February 10, 2010
Streamlined policies on attendance areas and choice enrollment and transfers in Colorado Springs School District 11 were unanimously approved Wednesday, but not without some board sniping on a long-lingering issue.
Board member Bob Null said he thought the revised policies were great but wanted to ensure that the administration would begin collecting information on why students choose various schools or leave the district.
“These are things we’ve talked about for more than two years, but we have done nothing,” he said. He tried to amend the motion to approve the choice policy by adding a requirement that a pilot survey be prepared by spring to gauge what families like and dislike about the district and particular schools.
The amendment failed on a 3-3 vote, with board members Tom Strand, LuAnn Long and Jan Tanner opposing. Board member Al Loma was absent.
Long reported that the communication committee was working on how families could be surveyed when they enroll children in school and was finalizing wording on questions. Communications director Elaine Naleski said she expected the survey to be finished by the end of the school year and available to use as students are enrolled for the fall.
But Null said he wanted to make sure that happened.
After the amendment failed, board member Charlie Bobbitt said the three who voted for the amendment could oppose the motion to adopt the policy and hold the whole thing up.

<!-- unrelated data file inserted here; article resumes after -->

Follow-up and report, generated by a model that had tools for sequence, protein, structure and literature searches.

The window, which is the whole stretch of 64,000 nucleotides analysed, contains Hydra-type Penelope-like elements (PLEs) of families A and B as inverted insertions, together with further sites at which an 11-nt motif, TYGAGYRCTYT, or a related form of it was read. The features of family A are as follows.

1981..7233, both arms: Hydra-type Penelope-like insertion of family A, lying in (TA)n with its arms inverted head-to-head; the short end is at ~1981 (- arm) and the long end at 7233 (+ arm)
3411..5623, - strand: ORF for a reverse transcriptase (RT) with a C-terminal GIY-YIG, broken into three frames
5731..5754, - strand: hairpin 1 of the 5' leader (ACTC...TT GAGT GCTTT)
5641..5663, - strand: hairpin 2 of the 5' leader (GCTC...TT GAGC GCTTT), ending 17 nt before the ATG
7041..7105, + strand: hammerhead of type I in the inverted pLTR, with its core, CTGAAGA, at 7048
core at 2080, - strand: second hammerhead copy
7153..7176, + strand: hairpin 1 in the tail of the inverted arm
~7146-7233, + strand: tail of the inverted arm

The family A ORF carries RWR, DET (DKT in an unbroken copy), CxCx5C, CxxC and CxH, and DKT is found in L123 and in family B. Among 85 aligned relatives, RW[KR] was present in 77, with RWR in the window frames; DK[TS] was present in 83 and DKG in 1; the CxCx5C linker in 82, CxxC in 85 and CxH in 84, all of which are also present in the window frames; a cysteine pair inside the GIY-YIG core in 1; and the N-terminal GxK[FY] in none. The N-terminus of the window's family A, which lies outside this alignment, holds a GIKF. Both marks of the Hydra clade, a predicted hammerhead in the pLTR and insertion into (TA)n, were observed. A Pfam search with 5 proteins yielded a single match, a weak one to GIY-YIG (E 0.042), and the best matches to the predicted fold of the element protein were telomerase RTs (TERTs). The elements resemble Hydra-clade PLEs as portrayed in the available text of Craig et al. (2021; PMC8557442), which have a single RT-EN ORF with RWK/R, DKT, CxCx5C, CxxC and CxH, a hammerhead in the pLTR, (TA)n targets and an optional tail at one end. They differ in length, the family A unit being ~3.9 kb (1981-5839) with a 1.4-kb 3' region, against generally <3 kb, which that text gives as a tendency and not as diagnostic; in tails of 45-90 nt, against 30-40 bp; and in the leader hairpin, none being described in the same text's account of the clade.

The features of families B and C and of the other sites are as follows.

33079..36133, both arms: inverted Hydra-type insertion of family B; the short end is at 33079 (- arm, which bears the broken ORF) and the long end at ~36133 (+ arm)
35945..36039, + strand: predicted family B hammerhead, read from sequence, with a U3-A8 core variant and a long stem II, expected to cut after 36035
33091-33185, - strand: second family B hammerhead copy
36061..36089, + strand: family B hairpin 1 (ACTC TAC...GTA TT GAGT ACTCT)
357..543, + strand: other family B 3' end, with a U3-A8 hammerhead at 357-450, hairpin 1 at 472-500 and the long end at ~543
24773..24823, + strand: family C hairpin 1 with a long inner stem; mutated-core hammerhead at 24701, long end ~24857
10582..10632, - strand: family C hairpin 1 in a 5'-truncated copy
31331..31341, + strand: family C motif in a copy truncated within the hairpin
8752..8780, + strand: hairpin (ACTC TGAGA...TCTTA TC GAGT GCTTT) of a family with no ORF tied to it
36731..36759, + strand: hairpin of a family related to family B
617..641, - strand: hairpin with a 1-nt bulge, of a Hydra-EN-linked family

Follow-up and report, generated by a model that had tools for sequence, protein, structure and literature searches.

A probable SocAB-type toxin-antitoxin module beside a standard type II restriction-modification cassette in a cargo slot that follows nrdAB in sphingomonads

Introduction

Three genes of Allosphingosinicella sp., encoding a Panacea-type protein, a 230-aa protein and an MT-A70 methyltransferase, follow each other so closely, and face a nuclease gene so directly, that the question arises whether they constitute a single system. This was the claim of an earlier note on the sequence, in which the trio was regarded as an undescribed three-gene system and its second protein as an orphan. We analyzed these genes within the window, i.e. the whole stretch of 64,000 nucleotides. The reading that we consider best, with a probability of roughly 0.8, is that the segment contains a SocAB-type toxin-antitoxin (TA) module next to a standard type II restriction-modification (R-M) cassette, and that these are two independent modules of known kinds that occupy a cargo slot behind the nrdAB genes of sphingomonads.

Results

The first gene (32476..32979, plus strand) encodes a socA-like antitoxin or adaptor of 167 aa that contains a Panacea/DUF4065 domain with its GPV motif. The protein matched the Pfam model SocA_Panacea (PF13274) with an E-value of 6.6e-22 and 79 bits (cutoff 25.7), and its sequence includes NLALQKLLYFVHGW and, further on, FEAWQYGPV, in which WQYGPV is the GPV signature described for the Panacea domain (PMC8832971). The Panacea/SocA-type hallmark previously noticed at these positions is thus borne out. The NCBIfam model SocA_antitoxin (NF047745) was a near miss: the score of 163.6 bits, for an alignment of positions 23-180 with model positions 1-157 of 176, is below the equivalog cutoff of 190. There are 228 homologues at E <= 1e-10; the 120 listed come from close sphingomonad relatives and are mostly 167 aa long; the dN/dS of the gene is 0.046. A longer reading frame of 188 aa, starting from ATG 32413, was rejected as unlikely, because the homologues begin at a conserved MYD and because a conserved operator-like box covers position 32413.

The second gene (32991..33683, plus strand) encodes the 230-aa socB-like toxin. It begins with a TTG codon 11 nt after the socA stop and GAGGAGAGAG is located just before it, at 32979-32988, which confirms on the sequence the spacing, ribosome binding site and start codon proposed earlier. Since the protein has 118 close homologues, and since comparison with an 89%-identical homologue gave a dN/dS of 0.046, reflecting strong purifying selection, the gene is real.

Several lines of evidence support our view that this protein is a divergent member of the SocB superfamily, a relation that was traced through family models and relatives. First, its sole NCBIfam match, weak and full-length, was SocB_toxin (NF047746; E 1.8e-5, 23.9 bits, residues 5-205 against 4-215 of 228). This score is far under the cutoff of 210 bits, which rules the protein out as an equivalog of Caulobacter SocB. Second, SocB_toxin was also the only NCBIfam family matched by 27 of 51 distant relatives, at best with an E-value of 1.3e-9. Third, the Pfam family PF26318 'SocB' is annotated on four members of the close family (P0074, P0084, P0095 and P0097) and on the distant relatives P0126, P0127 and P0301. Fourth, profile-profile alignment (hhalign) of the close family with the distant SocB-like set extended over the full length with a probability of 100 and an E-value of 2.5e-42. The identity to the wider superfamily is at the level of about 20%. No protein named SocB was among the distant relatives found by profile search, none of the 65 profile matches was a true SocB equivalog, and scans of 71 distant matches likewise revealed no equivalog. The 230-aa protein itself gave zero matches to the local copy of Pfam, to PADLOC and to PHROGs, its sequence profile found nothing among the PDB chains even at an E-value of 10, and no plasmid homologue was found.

“I’m disheartened,” he said.
Chip Ecks, a former member of the citizen committee that suggested the district collect data on why students seek choice permits or leave the district, said he’d e-mailed board members to ensure the recommendation wasn’t forgotten. The recommendations were submitted to the board in February 2008.
“Our belief was that District 11 didn’t know why students left or came in,” Ecks said. “We thought if we knew that info could figure out what’s working right.”
He said he was satisfied that the issue was getting much needed attention.
The board also took up its discussion on proposed cuts to the 2010-11 budget, but board members initially balked at some guidelines suggested by the administration. After some back and forth over the budget process and the need to prioritize cuts so they can be reduced or increased after the state’s education finance act is approved in the spring, the board took a break and settled into a discussion about the pros and cons of various proposals for cuts.
The administration suggested some revisions from the proposals the board considered on Feb. 3, including reinstating 16 custodial positions that had been tagged for elimination.
The district expects to have to cut up to $17 million from the general fund budget because of anticipated state education budget cuts.
Another budget cutting work session is set for March 3 and the board is expected to vote on a preliminary budget on March 10.